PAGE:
Conditions in the parlor houses varied enormously according to the segment of the market which they were seeking. A few establishments had high, even elite aspirations, and resembled the “fancy houses” familiar from the romantic stereotypes in fictional treatments like the film Pretty Baby. Lancaster’s best house stood on North Prince Street: it charged between two and five dollars, for which patrons were received by “refined” girls in a parlor “furnished in the most excellent taste and very expensively. The floor is covered with thick Brussels carpet, and small rugs were scattered about.... Expensive couches, rockers, Morris chairs, paintings and pictures completed the furnishings...” The highest prices also paid for perverse activities, though the investigators were cautious not to specify the range of sexual options available at the various houses.  The most detail we hear about such matters concerns a disorderly house on East Fulton Street which traded in younger teenaged girls: in addition, “she rents two couples in one bed, and circus business like that.”  

The luxurious conditions of North Prince Street were exceptional, and prices were far higher than the average. In seven establishments, the price ranged from one to two dollars, but the average price for services was one dollar, and five or six charged fifty cents, seeking the lowest class of trade. These cheap houses could be horrendous in terms of their hygiene as much as their morality: they are described in typical accounts of “the filthiest resort I have ever entered. The entire street is an incubator for disease. No toilets or bathrooms are in any of the houses; the slops are poured in a sink which has an outlet into the street, the stench of which is noticeable upon entering the block.” In another instance, ”the place is filthy rotten dirty and has a bad odor.” West Mifflin Street was notorious for its “dirty low dumps.” Unlike the girls of North Prince Street with their elegant gowns, the less fortunate prostitutes here advertised their wares by standing in doorways wearing scanty kimonos.  However, even this degree of polarization was less extreme than that found in Pittsburgh, where the plushest brothels charged ten or fifteen dollars, and offered French girls, while the very poorest African-American establishments ran at a mere 25 cents. 

Lancaster’s parlor houses catered to a broad segment of the community. Customers “came from all classes of society, and included patrons from automobiles and cabs (which often stood before the front door of the house), people described as well-known business men, college boys, traveling men and salesmen, shop-workers, wage earners, day laborers, railroad men, pool-room frequenters, hotel guests, musicians, farmers, and men from the outlying districts and towns round Lancaster.”   Students from Franklin and Marshall College were said to be particularly frequent clients.  Naturally, the amount of trade described could scarcely have been maintained from city residents themselves, but also drew heavily on the transients visiting or passing through this crucial communications hub. Business obviously fluctuated, but during special events like Fair Week, madames would import extra staff, “corn-fed girls from Harrisburg, York, and around.”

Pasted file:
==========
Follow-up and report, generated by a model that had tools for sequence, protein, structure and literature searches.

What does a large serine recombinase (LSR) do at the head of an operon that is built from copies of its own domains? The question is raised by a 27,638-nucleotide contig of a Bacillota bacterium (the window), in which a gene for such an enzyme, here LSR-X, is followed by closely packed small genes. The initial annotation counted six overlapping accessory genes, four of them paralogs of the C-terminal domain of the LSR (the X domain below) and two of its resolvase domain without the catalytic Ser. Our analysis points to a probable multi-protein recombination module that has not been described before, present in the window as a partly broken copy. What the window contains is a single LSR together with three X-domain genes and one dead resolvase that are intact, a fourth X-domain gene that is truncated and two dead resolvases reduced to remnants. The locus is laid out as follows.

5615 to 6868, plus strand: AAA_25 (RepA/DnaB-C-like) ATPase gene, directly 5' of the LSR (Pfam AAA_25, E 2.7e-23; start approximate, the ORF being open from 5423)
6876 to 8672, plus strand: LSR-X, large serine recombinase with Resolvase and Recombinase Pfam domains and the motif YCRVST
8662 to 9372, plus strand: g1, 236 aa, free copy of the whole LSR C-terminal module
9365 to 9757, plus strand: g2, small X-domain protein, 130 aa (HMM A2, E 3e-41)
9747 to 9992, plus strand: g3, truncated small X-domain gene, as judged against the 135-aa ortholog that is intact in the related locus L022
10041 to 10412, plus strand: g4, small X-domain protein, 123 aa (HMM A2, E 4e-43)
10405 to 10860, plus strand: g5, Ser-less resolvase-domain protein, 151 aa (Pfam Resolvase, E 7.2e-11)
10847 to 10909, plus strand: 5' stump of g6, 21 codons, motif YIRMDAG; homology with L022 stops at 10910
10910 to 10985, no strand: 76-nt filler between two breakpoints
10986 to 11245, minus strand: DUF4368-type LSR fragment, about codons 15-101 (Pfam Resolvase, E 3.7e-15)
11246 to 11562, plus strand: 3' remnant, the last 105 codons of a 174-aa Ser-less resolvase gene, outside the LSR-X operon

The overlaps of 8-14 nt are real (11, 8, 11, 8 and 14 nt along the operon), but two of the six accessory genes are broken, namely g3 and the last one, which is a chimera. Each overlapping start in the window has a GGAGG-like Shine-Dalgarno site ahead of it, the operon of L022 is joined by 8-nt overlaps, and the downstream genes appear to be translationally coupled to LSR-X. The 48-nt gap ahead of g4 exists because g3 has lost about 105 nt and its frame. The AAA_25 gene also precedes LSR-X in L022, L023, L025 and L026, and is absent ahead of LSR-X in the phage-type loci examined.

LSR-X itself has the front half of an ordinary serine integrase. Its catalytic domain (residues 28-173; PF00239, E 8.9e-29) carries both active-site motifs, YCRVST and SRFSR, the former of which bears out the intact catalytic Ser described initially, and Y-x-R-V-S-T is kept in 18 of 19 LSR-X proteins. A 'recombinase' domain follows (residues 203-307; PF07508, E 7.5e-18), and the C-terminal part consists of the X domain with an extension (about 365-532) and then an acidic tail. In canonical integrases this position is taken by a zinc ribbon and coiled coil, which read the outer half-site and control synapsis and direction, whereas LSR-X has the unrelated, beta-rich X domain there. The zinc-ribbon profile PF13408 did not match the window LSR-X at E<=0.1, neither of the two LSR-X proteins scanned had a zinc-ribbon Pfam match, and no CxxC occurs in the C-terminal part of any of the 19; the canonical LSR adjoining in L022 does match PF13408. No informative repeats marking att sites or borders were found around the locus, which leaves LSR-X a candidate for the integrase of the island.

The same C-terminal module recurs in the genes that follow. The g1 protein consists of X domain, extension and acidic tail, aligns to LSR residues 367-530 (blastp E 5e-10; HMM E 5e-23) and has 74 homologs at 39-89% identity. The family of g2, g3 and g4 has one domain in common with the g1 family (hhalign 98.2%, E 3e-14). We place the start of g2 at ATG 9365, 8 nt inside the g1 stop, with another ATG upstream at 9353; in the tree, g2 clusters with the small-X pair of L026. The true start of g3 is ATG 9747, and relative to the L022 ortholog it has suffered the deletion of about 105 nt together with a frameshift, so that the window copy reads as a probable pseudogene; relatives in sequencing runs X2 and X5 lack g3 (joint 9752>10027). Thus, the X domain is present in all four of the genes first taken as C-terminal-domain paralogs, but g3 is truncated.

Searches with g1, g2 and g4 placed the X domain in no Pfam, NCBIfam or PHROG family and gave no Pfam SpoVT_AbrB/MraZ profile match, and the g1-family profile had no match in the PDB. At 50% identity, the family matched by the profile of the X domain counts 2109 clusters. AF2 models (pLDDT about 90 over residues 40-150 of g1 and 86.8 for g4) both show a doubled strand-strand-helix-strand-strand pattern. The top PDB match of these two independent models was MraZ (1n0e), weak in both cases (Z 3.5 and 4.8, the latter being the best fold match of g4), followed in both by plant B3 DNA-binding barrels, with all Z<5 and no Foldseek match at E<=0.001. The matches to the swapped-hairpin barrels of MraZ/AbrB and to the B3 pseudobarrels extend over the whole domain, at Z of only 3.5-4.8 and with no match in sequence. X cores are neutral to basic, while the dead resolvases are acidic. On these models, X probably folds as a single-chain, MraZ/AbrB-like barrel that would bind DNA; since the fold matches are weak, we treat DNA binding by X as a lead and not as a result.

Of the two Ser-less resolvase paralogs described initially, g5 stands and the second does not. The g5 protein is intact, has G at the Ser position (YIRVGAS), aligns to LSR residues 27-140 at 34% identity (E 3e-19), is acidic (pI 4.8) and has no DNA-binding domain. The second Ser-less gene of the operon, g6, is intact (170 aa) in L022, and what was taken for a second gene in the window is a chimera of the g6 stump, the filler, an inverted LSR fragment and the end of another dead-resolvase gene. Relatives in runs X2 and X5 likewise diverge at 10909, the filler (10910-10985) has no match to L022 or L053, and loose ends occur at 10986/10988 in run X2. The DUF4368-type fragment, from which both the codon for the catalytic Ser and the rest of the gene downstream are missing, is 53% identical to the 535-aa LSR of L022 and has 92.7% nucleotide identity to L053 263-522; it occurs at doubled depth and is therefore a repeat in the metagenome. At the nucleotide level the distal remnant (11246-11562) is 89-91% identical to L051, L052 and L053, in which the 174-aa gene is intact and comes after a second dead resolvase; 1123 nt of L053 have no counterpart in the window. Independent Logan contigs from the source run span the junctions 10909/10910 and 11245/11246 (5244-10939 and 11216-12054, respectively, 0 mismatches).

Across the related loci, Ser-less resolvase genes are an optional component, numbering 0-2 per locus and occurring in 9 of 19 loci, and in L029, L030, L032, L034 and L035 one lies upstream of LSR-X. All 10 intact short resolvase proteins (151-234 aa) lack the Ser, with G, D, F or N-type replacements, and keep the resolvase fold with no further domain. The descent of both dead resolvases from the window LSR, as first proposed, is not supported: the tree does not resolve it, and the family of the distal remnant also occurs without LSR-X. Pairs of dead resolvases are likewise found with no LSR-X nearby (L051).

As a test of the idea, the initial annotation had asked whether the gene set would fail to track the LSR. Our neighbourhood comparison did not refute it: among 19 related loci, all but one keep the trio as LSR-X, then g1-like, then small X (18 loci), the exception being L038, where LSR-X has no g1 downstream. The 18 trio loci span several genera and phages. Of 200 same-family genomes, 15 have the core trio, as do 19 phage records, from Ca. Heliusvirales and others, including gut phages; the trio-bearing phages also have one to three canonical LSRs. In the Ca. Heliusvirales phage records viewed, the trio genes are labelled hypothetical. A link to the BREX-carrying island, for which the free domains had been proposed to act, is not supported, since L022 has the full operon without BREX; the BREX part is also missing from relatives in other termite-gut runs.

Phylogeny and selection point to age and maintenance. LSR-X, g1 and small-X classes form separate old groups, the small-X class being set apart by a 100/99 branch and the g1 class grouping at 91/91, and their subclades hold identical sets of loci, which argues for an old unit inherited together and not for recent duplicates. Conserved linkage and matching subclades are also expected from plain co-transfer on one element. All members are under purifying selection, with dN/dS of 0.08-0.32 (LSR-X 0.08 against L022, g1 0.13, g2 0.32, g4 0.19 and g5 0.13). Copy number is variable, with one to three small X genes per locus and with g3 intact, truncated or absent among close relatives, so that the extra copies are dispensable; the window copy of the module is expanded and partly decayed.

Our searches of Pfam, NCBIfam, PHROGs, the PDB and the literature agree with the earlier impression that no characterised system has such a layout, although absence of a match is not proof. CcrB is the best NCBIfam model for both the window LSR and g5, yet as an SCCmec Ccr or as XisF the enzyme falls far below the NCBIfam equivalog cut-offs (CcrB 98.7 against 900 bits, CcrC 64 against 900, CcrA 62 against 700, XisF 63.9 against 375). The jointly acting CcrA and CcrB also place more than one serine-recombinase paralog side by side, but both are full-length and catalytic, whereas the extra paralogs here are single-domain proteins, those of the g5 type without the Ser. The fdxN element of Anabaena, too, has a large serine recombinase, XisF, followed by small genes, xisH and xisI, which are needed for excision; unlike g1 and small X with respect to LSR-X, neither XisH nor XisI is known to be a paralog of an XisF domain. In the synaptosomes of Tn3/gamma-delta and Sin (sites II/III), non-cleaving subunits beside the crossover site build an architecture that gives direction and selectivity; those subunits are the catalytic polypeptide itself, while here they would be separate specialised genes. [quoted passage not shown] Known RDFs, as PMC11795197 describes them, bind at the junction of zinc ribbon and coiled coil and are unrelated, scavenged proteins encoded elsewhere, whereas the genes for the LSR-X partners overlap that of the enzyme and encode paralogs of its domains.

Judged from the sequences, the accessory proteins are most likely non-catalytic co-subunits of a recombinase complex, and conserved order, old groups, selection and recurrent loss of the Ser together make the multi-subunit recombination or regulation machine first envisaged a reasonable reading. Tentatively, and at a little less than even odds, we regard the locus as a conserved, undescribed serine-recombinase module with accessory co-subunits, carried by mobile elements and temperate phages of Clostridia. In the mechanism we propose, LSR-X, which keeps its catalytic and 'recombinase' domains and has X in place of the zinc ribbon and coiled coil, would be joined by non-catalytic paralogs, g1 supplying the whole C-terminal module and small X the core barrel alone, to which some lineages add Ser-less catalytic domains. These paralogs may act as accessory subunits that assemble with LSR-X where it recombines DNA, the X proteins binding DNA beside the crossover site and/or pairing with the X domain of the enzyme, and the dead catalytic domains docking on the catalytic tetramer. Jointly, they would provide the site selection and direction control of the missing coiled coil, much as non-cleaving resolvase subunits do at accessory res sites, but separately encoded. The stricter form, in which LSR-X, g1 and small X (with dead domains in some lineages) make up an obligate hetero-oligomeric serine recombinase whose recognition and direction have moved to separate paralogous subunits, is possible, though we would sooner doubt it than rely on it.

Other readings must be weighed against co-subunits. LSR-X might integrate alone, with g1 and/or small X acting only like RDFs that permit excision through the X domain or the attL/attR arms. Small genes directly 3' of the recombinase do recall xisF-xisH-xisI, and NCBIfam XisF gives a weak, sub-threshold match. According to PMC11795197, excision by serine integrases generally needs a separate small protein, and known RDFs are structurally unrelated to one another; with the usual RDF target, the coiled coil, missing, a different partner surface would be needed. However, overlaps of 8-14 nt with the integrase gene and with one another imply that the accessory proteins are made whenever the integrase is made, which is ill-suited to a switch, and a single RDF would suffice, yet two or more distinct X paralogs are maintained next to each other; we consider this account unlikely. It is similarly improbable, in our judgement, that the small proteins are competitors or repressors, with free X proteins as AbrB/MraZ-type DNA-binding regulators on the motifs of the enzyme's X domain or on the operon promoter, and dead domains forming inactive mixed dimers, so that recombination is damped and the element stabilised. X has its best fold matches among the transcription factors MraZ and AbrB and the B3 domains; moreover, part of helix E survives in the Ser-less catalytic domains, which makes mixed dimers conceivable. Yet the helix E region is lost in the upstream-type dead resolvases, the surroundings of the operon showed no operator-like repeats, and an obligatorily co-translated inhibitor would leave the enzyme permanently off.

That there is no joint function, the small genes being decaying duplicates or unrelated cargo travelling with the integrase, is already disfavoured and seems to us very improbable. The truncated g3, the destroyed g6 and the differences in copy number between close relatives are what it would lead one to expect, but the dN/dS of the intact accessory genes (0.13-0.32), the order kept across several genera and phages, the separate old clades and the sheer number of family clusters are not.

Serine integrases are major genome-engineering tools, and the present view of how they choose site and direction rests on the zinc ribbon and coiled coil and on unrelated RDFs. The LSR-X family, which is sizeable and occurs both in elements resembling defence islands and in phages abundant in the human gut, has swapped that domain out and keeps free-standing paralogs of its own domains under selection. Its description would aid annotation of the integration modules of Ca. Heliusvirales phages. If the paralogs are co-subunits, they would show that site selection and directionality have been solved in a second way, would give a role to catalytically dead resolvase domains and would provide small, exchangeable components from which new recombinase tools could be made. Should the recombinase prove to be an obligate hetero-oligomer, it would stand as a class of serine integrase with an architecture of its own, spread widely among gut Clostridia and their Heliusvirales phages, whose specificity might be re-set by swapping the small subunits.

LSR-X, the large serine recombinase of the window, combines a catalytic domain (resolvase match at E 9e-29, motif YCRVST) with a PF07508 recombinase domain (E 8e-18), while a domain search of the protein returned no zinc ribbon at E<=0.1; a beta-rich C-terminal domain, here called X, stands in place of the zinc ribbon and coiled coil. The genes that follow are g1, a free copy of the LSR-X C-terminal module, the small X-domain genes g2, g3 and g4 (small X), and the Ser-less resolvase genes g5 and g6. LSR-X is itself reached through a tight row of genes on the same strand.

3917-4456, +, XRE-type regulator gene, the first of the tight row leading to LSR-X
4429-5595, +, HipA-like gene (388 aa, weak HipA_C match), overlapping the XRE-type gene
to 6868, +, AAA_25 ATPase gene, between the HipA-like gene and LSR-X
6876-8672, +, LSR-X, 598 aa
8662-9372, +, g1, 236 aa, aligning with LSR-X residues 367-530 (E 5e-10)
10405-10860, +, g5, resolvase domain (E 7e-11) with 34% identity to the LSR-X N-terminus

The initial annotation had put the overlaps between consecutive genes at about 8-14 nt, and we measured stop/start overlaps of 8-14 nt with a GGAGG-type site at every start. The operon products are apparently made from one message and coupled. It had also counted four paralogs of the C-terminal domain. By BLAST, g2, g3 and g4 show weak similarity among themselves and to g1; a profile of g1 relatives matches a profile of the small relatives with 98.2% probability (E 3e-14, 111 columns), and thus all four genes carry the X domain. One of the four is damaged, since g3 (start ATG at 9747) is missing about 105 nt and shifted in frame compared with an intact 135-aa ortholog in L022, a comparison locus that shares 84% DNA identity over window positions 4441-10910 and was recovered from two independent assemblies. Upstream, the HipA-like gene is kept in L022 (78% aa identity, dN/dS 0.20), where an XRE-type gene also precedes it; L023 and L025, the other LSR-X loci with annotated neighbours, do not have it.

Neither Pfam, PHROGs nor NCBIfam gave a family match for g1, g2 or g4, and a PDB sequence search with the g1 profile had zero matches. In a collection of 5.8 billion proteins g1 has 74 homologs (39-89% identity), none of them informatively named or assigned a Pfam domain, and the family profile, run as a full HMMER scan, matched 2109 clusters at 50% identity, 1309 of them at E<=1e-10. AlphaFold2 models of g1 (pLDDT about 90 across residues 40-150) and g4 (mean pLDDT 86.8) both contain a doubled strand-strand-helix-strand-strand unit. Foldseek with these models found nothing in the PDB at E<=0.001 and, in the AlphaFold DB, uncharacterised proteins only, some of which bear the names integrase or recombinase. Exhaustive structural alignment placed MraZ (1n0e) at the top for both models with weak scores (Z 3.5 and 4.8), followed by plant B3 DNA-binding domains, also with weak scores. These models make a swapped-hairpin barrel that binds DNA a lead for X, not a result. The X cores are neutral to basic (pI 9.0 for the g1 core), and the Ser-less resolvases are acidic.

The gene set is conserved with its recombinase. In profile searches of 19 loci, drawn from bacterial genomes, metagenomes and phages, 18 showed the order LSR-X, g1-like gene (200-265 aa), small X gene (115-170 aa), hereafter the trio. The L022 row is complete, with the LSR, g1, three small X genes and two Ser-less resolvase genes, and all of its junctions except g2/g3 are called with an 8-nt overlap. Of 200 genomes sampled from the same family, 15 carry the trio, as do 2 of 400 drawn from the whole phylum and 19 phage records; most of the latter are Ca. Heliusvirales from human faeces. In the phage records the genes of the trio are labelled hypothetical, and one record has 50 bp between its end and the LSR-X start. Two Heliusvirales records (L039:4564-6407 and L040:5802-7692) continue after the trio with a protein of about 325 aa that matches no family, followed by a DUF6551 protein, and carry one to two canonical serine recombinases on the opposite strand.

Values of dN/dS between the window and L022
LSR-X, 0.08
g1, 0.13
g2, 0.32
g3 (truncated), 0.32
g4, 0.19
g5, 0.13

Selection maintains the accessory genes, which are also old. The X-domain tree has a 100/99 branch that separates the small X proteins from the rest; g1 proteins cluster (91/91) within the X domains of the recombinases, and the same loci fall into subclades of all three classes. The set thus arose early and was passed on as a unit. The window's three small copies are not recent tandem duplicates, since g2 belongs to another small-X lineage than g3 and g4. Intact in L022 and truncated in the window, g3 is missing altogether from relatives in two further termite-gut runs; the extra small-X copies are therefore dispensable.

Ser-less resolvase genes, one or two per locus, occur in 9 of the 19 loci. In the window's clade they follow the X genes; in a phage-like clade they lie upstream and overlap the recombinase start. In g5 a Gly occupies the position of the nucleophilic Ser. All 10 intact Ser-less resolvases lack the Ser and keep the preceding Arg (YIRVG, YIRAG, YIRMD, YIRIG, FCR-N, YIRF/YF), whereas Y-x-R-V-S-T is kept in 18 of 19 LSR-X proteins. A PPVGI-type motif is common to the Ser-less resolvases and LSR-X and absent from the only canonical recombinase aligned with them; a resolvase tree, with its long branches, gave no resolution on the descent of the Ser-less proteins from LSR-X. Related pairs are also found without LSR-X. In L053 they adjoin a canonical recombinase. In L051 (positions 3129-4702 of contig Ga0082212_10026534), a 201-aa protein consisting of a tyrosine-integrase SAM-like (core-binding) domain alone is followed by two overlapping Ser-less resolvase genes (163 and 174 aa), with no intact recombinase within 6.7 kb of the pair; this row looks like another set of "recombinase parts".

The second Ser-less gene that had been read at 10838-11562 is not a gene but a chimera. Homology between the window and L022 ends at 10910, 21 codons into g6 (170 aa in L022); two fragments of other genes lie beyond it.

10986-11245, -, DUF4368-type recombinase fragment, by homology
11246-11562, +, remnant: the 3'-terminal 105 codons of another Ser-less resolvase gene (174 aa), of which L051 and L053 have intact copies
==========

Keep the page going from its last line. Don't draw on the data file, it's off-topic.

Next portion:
Though the number of customers is not known, there are anecdotal accounts of girls servicing ten or more men in a single night, twenty in some cases. More reliable evidence of the volume of trade comes from the earnings of the girls themselves, whose weekly income might average twenty dollars: this would imply receiving sixty to eighty men each week, an average of ten a day. These conditions obviously created an enormous public health danger, which was duly emphasized in the final Report of the investigation. Mifflin Street especially was blamed as having “put more guys on their back than any place I know. I know hundreds of guys that got dosed up down there. Ask any of the boys: they’ll tell you.” 

Not all prostitutes worked the parlor houses. Though the brothels at their worst might keep girls in a state of semi-slavery, their working conditions were perhaps preferable to those of the women who solicited men on the street and in various public settings, like railroad stations and theaters, and some 54 prostitutes were observed in this category. Like all major cities, Lancaster had its well-known streets where women were easily found, “E. King and Christian, W. King and Water, E. King and Duke, W. King near Prince, Locust and Duke, Orange and Duke, Prince and Vine, Queen, Prince and Penn Square.”   Prostitutes also drummed up business through social settings, including the dance halls where “nothing but suggestive and immoral dances can be seen,” and where women committed acts which by the standards of the day proved them utterly immoral: “The women were smoking cigarettes and dancing upon the tables with their dresses raised above their knees.” In one hall, “they got kids there fifteen and sixteen years old doing hoochy-koochy half-naked.”   A network of bars and cafes served as well-known hangouts for meeting prostitutes.